Example 10: An input device comprising: one or more internal components; an interface connected the one or more internal components and configured to connect the input device to a computing device; a first fabric layer laminated to a first side of the one or more internal components; and a second fabric layer laminated to a second side of the one or more internal components, one or more of the first fabric layer or the second fabric layer including: a first adhesive zone that adheres a peripheral edge of the first fabric layer to a peripheral edge of the second fabric layer to form a peripheral edge of the input device; and a second adhesive zone that at least partially adheres the first fabric layer to the second fabric layer to form a flexible hinge that enables flexible attachment of the input device to the computing device, an adhesive thickness of the second adhesive zone being less than an adhesive thickness of the first adhesive zone.

Example 11: An input device as described in example 10, wherein the interface is selected from a group consisting of a wireless transceiver and an electronic connector.

Example 12: An input device as described in one or more of examples 10 or 11, wherein the first adhesive zone comprises a heat activated film that adheres the peripheral edge of the first fabric layer to the peripheral edge of the second fabric.

Example 13: An input device as described in one or more of examples 10-12, wherein the one or more of the first fabric layer or the second fabric layer comprises an integrated sheet of fabric with the first adhesive zone and the second adhesive zone thereon.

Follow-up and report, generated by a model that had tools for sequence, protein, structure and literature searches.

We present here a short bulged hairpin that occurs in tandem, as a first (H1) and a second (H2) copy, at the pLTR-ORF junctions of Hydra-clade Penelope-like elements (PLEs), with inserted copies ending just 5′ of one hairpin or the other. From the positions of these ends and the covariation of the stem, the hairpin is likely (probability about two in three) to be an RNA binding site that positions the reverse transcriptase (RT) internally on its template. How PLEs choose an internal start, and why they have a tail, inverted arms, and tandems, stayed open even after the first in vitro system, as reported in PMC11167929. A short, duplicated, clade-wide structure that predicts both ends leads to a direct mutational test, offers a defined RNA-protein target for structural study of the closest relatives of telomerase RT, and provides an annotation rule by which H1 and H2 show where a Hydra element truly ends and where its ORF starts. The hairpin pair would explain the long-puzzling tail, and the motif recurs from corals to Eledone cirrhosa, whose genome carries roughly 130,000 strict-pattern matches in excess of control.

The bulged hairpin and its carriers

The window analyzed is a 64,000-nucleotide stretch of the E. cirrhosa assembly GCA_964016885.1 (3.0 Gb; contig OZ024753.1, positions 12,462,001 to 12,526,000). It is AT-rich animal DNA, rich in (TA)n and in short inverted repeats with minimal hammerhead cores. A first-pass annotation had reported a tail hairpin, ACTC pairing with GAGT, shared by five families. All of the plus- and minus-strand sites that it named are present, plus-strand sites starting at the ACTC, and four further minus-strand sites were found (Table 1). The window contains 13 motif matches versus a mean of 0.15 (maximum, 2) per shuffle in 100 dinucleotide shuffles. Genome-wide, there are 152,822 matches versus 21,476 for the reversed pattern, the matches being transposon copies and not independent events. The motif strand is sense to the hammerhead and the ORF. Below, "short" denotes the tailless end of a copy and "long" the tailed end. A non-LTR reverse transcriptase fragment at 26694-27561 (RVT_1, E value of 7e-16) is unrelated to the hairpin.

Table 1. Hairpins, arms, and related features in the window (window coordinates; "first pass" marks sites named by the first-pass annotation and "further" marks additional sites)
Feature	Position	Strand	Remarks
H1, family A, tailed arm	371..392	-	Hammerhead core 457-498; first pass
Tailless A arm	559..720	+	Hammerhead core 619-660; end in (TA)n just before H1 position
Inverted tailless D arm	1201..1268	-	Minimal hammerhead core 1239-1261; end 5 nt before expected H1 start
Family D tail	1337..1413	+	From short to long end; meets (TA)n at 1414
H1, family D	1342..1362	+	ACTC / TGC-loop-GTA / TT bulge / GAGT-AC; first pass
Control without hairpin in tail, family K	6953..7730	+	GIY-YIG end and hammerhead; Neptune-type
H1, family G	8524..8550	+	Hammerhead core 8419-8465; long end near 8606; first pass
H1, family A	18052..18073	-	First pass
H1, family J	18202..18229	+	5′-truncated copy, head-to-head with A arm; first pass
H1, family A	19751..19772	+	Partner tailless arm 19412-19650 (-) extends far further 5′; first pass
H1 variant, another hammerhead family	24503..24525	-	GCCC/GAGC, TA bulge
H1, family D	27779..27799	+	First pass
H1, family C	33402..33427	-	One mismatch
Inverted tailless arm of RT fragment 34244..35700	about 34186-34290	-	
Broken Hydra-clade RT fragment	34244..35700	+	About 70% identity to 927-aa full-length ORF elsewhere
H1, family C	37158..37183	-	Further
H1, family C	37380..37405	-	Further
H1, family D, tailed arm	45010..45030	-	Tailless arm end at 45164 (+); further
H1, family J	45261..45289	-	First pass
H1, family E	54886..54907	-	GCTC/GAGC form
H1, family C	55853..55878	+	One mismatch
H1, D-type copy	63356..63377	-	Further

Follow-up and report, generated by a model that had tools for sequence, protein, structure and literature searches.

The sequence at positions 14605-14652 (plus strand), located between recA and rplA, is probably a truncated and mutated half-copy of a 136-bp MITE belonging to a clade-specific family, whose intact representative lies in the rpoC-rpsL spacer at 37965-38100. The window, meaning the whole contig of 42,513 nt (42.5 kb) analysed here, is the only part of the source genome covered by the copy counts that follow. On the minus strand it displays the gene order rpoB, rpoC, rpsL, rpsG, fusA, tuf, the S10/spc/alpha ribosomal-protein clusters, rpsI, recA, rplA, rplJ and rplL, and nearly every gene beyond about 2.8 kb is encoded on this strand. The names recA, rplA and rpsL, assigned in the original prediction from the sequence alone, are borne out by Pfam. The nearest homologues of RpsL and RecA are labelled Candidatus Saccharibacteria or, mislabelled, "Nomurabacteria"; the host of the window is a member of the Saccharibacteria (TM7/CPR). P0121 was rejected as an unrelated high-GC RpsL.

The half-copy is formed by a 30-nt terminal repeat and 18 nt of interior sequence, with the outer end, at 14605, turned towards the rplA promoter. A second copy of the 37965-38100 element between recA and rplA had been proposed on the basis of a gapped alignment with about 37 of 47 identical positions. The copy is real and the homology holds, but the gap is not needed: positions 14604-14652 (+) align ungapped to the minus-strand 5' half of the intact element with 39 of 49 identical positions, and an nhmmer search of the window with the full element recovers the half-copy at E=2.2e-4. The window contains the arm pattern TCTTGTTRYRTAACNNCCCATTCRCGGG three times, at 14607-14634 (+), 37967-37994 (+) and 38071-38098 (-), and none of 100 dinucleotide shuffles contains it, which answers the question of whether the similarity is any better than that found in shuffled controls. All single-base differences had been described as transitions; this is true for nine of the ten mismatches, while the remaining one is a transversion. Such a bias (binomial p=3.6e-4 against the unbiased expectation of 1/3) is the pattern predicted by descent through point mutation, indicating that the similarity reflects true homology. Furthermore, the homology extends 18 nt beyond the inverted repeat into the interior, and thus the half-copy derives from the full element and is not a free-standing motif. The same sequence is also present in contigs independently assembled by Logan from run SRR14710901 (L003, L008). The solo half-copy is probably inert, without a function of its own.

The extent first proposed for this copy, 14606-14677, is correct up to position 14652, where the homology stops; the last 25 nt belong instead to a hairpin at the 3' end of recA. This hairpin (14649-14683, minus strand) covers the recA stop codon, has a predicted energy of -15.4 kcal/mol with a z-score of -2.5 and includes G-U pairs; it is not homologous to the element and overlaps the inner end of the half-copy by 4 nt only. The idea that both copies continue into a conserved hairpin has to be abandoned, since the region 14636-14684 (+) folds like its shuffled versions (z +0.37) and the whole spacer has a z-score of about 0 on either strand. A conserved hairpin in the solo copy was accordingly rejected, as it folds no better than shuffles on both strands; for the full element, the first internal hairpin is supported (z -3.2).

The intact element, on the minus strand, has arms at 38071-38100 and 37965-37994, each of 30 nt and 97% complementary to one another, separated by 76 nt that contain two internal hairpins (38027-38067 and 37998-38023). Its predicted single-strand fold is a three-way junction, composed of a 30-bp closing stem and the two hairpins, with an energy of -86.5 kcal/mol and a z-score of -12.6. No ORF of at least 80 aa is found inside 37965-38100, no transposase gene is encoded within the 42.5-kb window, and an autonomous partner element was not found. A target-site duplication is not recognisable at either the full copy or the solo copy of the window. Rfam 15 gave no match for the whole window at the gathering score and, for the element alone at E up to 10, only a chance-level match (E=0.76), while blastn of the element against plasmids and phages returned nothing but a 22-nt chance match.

Example 14: An input device as described in one or more of examples 10-13, wherein the one or more of the first fabric layer or the second fabric layer further comprises a third adhesive zone that adheres the one or more of the first fabric layer or the second fabric layer to the one or more internal components.

Example 15: An apparatus comprising: a chassis including a flexible region; and a fabric layer laminated to the chassis via multiple adhesive zones including a first adhesive zone that laminates the fabric layer to a peripheral edge of the chassis, and a second adhesive zone that laminates the fabric layer to the flexible region, the second adhesive zone having an adhesive thickness that is thinner than an adhesive thickness of the first adhesive zone.

Example 16: An apparatus as described in example 15, wherein the apparatus comprises an input device configured to be detachably attached to a computing device.

Example 17: An apparatus as described in one or more of examples 15 or 16, wherein the apparatus comprises a wearable device.